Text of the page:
Covert listening device

Covert listening device

A covert listening device, more commonly known as a bug or a wire, is usually a combination of a miniature radio transmitter with a microphone. The use of bugs, called bugging, is a common technique in surveillance, espionage and in police investigations.

A bug does not have to be a device specifically designed for the purpose of eavesdropping. For instance, with the right equipment, it is possible to remotely activate the microphone of cellular phones, even when a call is not being made, to listen to conversations in the vicinity of the phone.[1][2][3][4][5]


Remotely activated mobile phone microphones

Mobile phone (cell phone) microphones can be activated remotely, without any need for physical access.[1][2][3][4][5][6] This "roving bug" feature has been used by law enforcement agencies and intelligence services to listen in on nearby conversations.[7] A United States court ruled in 1988 that a similar technique used by the FBI against reputed former Gulfport, Mississippi cocaine dealers Bennett Branch and Don Tomlinson dealing cocaine under the direct authority of kingpin David "The Eagle" Easterling after having obtained a court order was permissible.[8]

Automobile computer systems

In 2003 the FBI obtained a court order to surreptitiously listen in on conversations in a car, through the car's built-in emergency and tracking security system. A panel of the 9th Circuit Court of Appeals prohibited the use of this technique because it involved deactivating the device's security features.[9][10]

Examples of use

  • Embassies and other diplomatic posts are often the targets of bugging operations.
  • Colin Thatcher, a Canadian politician, was secretly recorded making statements which would later be used to convict him of his wife's murder. The recording device was concealed on a person who Thatcher had previously approached for help in the crime.[citation needed]
  • Electronic bugging devices were found in March 2003 at offices used by French and German delegations at the European Union headquarters in Brussels. Devices were also discovered at offices used by other delegations. The discovery of the telephone tapping systems was first reported by Le Figaro newspaper, which blamed the US.[citation needed]
  • The car of Thomas Hentschell, who was involved in the Melbourne gangland killings, was bugged by police.
  • In 1999, the US expelled a Russian diplomat, accusing him of using a listening device in a top floor conference room used by diplomats in the United States Department of State headquarters.[15]
  • In 2001, the government of the People's Republic of China announced that it had discovered twenty-seven bugs in a Boeing 767 purchased as an official aircraft for President Jiang Zemin.[16]
  • In 2003, Pakistani embassy building was found bugged, contractors hired by MI5 planted bugs in the building in 2001.[17]
  • In 2003, Alastair Campbell (who was Director of Communications and Strategy from 1997-2003 for the UK PM) in his memoirs The Blair Years: The Alastair Campbell Diaries alleged that two bugs were discovered in the hotel room meant for visiting British PM Tony Blair planted by Indian intelligence agencies.The alleged bug discovery was at a hotel during PM Tony Blair's official visit to New Delhi in 2001. Security services supposedly informed him that the bugs could not be removed without drilling the wall and therefore he changed to another room.[18][19]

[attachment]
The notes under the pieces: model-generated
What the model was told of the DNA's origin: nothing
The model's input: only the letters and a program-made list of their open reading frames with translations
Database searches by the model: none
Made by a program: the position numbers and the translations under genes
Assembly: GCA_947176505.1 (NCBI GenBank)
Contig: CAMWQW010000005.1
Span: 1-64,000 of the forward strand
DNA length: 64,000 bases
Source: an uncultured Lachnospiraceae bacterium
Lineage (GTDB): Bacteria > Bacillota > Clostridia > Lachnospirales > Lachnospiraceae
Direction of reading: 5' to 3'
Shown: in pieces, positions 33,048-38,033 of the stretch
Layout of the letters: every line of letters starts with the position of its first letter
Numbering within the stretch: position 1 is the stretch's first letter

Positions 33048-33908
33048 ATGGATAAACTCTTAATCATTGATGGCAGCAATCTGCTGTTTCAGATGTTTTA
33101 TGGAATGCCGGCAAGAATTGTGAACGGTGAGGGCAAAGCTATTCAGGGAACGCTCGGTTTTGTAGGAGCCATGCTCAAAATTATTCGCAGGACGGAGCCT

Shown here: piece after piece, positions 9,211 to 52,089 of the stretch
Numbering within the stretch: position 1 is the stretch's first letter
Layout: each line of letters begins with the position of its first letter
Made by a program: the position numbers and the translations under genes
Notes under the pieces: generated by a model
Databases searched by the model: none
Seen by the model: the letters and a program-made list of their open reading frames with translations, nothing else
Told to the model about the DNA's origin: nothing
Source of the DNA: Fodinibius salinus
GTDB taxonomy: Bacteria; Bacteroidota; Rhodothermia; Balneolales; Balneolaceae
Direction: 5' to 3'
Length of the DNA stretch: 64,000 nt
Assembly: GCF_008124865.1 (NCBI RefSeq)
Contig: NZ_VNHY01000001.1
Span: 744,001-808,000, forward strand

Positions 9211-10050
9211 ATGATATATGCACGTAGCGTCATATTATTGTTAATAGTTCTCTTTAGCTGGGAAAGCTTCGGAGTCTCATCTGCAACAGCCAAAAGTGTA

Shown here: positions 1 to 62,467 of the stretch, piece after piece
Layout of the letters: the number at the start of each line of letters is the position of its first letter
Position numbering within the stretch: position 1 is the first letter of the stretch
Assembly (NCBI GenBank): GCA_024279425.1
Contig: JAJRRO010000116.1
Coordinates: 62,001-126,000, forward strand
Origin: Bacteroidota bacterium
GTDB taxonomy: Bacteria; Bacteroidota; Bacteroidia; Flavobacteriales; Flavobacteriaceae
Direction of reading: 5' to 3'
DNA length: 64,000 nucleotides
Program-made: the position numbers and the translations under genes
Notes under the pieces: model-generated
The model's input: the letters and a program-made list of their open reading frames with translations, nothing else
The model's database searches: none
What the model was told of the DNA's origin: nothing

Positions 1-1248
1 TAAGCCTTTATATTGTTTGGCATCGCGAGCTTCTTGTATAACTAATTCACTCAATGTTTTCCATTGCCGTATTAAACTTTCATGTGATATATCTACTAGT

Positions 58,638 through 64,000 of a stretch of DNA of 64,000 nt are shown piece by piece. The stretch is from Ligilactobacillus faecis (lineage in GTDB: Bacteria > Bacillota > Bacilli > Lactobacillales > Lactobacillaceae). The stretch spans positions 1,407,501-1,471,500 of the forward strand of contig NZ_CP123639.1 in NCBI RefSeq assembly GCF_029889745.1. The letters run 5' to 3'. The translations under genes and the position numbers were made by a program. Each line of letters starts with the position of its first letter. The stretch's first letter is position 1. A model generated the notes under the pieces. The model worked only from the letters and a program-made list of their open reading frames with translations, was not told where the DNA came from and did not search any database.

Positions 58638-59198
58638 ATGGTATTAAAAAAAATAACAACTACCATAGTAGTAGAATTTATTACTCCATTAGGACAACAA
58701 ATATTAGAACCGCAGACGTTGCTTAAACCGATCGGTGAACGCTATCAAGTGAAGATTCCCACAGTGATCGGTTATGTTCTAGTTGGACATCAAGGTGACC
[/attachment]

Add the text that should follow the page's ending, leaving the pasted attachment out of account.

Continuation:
• In 2004, a bug was found in a meeting room at the United Nations offices in Geneva.[citation needed]
  • In 2008 it was reported that an electric samovar presented to Elizabeth II in about 1968 by a Soviet aerobatic team was removed from Balmoral Castle as a security precaution amid fears that its wiring could contain a listening device.[20]

See also


  1. ^ a b Schneier, Bruce (December 5, 2006). "Remotely Eavesdropping on Cell Phone Microphones". Schneier On Security. Retrieved 13 December 2009. 
  2. ^ a b McCullagh, Declan; Anne Broache (December 1, 2006). "FBI taps cell phone mic as eavesdropping tool". CNet News. Retrieved 2009-03-14. 
  3. ^ a b Odell, Mark (August 1, 2005). "Use of mobile helped police keep tabs on suspect". Financial Times. Retrieved 2009-03-14. 
  4. ^ a b "Telephones". Western Regional Security Office (NOAA official site). 2001. Retrieved 2009-03-22. 
  5. ^ a b "Can You Hear Me Now?". ABC News: The Blotter. Retrieved 13 December 2009. 
  6. ^ Lewis Page (2007-06-26). "'Cell hack geek stalks pretty blonde shocker'". The Register. Retrieved 2010-05-01. 
  7. ^ Brian Wheeler (2004-03-02). "'This goes no further...'". BBC News Online Magazine. Retrieved 2008-06-23. 
  8. ^ FBI taps cell phone mic as eavesdropping tool., CNET, 1 December 2006
  9. ^ Court Leaves the Door Open for Safety System Wiretaps, The New York Times, 21 December 2003
  10. ^ Court to FBI: No spying on in-car computers. CNET, 19 November 2003
  11. ^ "Fumigating the Fumigator". TIME Magazine. September 25, 1964.,9171,876162,00.html. Retrieved 2009-06-06. 
  12. ^
  13. ^
  14. ^
  15. ^ Johnston, David; James Risen (1999-12-10). "U.S. Expelling Russian Diplomat in Bugging of State Dept.". The New York Times. Retrieved 2008-03-27. 
  16. ^ | China Finds Spy Bugs in Jiang's Boeing Jet
  17. ^ "UK embassy 'bug' angers Pakistan". BBC News. 2003-11-10. Retrieved 2010-04-30. 
  18. ^
  19. ^ "Delhi clumsily bugged Blair's room". The Times Of India. 2007-07-30. 
  20. ^ Moore, Matthew (2008-11-25). "Russia's teapot gift to Queen 'could have been bugged' An electric teapot presented to the Queen by the Russians has been removed from Balmoral as a security precaution.". The Daily Telegraph (London). Retrieved 2010-04-30. 

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